Aesthetic Medicine
Aesthetic Medicine


2 MIN READ TIME

Sage advice

Aesthetician Dija Ayodele is author of Black Skin: The Definitive Skincare Guide, owner of West Room Aesthetics in London and founder of award-winning educational platform Black Skin Directory (BSD). She is a also a GLAMOUR Magazine columnist, Trustee of the Beauty Backed Trust and Advisory Board Member to the British Beauty Council. Dija speaks regularly at both industry and consumer events. Follow her on Instagram: @dija_ayodele

Dija Ayodele, aesthetician, clinic owner, founder of Black Skin Directory and Aesthetic Medicine editorial board member, can now add published author to her list of accolades. Her 288-page hardback book Black Skin: The Definitive Skincare Guide puts skin of colour, and specifically, Black skin, firmly in the spotlight as an offering of her vast experience and clinical expertise in caring for the needs of melaninrich skins.

In the book, Ayodele, with warmth, wit and a no-nonsense approach, guides the reader through how to work out and understand their skin type, the best ingredients and products to suit a variety of budgets; and addresses the issues that Black patients commonly face with their skin, including hyperpigmentation, skin discolouration and increased darkness. Myths and misconceptions around dark skin are debunked as she seeks to help Black women understand and care for their skin in the healthiest ways possible while strengthening their relationship with their beauty identity.

Given that a lack of education around optimising the health of skin of colour is one of the biggest stumbling blocks to the advancement of aesthetic medicine in the UK, practitioners could also stand to learn from Black Skin.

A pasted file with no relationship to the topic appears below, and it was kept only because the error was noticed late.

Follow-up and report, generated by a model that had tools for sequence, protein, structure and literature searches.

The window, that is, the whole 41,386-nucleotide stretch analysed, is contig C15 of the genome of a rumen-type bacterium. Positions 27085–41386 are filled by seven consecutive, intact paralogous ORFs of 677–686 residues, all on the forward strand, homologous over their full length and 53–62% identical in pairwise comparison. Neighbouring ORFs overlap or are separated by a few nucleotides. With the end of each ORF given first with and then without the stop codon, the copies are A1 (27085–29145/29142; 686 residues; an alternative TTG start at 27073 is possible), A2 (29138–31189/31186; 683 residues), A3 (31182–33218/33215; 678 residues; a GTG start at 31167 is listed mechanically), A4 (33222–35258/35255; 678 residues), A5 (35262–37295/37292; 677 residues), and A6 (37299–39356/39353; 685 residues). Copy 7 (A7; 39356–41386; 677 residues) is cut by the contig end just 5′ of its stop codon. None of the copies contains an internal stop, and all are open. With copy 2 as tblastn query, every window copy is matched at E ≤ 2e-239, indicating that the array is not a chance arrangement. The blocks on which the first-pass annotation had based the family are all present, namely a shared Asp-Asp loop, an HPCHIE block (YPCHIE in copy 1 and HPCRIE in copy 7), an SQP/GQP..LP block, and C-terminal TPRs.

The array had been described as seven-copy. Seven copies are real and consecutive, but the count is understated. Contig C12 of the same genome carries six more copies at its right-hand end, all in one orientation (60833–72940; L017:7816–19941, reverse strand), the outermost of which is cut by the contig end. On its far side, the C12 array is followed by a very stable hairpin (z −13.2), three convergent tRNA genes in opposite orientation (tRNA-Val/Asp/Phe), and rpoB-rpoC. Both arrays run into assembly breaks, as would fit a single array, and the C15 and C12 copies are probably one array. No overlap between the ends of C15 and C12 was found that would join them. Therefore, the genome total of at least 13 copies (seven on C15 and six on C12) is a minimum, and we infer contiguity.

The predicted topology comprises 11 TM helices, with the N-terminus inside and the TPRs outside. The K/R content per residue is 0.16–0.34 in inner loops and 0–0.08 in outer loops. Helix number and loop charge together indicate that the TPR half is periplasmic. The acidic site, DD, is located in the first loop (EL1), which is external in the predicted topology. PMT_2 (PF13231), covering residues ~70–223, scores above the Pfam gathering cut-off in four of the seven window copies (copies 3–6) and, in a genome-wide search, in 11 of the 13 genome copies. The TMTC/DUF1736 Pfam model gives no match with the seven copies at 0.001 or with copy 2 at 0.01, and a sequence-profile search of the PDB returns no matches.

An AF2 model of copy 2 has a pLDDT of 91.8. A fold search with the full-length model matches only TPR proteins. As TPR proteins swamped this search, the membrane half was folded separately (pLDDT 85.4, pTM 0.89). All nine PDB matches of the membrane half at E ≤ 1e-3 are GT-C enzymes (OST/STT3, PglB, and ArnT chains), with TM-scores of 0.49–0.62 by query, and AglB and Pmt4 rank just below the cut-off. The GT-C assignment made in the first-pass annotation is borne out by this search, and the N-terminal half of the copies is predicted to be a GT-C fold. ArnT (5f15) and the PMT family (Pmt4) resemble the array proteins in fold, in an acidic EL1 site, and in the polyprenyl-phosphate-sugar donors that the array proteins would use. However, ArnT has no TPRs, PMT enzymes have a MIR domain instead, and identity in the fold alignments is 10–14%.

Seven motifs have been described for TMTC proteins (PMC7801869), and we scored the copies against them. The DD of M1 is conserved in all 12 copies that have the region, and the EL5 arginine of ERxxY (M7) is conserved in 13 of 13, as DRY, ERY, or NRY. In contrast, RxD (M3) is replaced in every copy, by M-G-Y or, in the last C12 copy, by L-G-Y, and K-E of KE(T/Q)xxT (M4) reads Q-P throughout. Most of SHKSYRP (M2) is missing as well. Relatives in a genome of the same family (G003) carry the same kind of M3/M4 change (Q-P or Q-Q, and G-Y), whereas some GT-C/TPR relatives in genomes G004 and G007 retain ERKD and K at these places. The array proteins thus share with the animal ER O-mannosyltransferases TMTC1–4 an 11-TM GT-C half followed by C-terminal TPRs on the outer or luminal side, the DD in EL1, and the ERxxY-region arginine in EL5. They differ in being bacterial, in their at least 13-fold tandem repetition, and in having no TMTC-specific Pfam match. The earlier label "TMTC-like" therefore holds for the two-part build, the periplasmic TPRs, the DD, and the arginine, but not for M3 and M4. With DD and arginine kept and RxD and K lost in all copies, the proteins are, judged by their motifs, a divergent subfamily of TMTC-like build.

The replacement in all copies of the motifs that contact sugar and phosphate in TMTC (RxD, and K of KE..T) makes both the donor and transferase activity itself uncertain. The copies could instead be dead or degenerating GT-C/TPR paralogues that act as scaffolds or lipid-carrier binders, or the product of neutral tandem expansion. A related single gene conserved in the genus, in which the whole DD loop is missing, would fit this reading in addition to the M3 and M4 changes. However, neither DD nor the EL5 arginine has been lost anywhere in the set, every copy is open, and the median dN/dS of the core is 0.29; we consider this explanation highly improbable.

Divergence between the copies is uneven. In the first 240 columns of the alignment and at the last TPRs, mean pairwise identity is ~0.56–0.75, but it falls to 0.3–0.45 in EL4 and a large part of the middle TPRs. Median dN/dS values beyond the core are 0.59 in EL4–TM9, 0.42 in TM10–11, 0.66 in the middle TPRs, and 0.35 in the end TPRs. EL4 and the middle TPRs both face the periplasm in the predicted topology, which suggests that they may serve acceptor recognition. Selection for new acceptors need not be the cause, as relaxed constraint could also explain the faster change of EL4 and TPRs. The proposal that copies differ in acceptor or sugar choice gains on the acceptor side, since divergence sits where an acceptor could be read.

Below, we share an exclusive extract from the book – Ayodele’s top tips on managing acne in dark skins.

• Only cleanse your skin twice a day using products suited to your skin type. Don’t be tempted to wash your face more than this; acne is not there because your skin is dirty.

• Avoid using harsh skincare products like black soap that strip your skin of oil and much-needed moisture. Despite what your village people say, black soap does not solve all skin complaints, and your skin will clap back by producing more oil.

• Don’t skip moisturiser; a lightweight oil-free serum or lotion with ceramides, cholesterol and peptides is enough to replenish the moisture level in the skin.

• Focus on gentle exfoliation to encourage optimal shedding of old skin cells.

• Don’t pick at your skin as this spreads inflammation and causes scarring.

• Manage your lifestyle and diet, especially your gut health. Eat a colourful plate, get enough rest, stress less, drink water, and mind your business.

• Use sunscreen to prevent hyperpigmentation from worsening.

• Toothpaste and Sudocrem are not appropriate spot treatments. It worked once for Folake in 2015 and it was a fluke.

This article appears in the January 2022 Issue of Aesthetic Medicine

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COPIED
This article appears in the January 2022 Issue of Aesthetic Medicine